After three years of declines, German arms exports exploded higher in 2019 as critics suggest this proves controls on weapons deliveries are not working.
Following requests for the data from the socialist Left Party and the Greens, DW.com reports that, according to documents they have seen from the Economy Ministry, German arms exports rose 65% from January to mid-December 2019 compared to 2018 and hit a record of €7.95 billion ($8.8 billion).
The largest number of German weapons deliveries in 2019 went to Hungary, where exports reached €1.77 billion.
Exports to Budapest made up almost a quarter of the total value of all approvals. Prime Minister Viktor Orban's right-wing, nationalist government is currently engaged in a massive military upgrade.
However, in spite of government assurances that Germany would no longer arm countries involved in the Yemen conflict as part of the coalition deal reached in 2018, DW reports that the documents showed that two of Germany's top 10 arms export customers, Egypt at number two and the United Arab Emirates (UAE) at number nine, were also active participants in the war in Yemen.
"The most important thing is to ask is where the war weapons go, and to which countries," Katja Keul, Green party parliamentarian and arms policy spokeswoman, told DW.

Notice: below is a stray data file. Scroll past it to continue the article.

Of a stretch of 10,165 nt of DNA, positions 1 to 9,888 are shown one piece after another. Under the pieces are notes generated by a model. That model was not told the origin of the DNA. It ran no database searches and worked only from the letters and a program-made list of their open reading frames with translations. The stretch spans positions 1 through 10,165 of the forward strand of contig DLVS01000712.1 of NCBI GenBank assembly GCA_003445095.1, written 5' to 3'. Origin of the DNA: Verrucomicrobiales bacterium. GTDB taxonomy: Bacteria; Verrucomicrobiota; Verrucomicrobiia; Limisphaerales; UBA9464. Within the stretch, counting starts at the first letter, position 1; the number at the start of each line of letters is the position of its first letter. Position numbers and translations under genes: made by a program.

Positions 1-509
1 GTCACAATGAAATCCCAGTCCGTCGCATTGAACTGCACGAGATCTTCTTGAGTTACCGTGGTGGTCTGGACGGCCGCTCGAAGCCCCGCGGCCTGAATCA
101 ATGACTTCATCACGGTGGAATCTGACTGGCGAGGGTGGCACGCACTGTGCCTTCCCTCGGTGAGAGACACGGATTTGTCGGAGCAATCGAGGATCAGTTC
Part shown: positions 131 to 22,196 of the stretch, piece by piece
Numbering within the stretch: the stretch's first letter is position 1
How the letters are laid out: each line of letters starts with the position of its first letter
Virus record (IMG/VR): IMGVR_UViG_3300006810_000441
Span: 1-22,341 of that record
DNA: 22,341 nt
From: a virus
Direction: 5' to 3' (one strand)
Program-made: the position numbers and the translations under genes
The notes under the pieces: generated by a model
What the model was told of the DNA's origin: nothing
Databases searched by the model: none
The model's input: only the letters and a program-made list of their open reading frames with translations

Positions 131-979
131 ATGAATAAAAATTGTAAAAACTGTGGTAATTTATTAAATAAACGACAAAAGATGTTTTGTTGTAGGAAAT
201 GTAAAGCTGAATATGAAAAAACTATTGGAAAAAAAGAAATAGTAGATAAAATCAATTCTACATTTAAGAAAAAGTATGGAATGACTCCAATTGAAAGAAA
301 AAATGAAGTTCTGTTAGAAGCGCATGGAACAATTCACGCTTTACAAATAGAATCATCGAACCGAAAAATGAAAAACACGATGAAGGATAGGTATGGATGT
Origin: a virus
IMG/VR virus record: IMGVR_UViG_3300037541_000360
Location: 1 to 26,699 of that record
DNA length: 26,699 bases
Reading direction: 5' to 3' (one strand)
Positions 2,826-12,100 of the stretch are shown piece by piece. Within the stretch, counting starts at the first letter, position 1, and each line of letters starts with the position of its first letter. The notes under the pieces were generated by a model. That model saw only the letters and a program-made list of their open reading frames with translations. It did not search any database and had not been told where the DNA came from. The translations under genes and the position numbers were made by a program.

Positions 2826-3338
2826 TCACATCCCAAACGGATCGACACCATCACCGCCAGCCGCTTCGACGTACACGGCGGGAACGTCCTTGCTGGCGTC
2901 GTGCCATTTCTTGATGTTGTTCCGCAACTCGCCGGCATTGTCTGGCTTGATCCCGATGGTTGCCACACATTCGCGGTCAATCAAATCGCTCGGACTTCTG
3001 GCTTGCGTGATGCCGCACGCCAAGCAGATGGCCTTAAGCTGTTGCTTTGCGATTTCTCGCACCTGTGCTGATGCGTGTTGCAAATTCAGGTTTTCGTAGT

"And the number of war weapons exports have doubled since last year."
The most controversial exports are those to so-called third countries: defined as neither European Union or NATO members (or "NATO-equivalent," such as Australia).
"That is certainly striking, because the government has said it is being more restrictive," said Keul.
"If you export weapons of war into crisis regions to countries that are not bound to us by any kind of alliance, you are of course destabilizing the region."
Economy Minister Peter Altmaier blamed the huge increase on a backlog caused by the monthslong wrangling to form a coalition following Germany's 2017 election.
"More important is the type of goods and their purpose," he wrote. "The government pursues a restrictive and responsible arms export control policy."
However, Left party Bundestag member Sevim Dagdelen, who filed one of the information requests, said in a statement:
"These sizable figures show that the entire export control system is simply not working. We need clear legal bans on arms exports."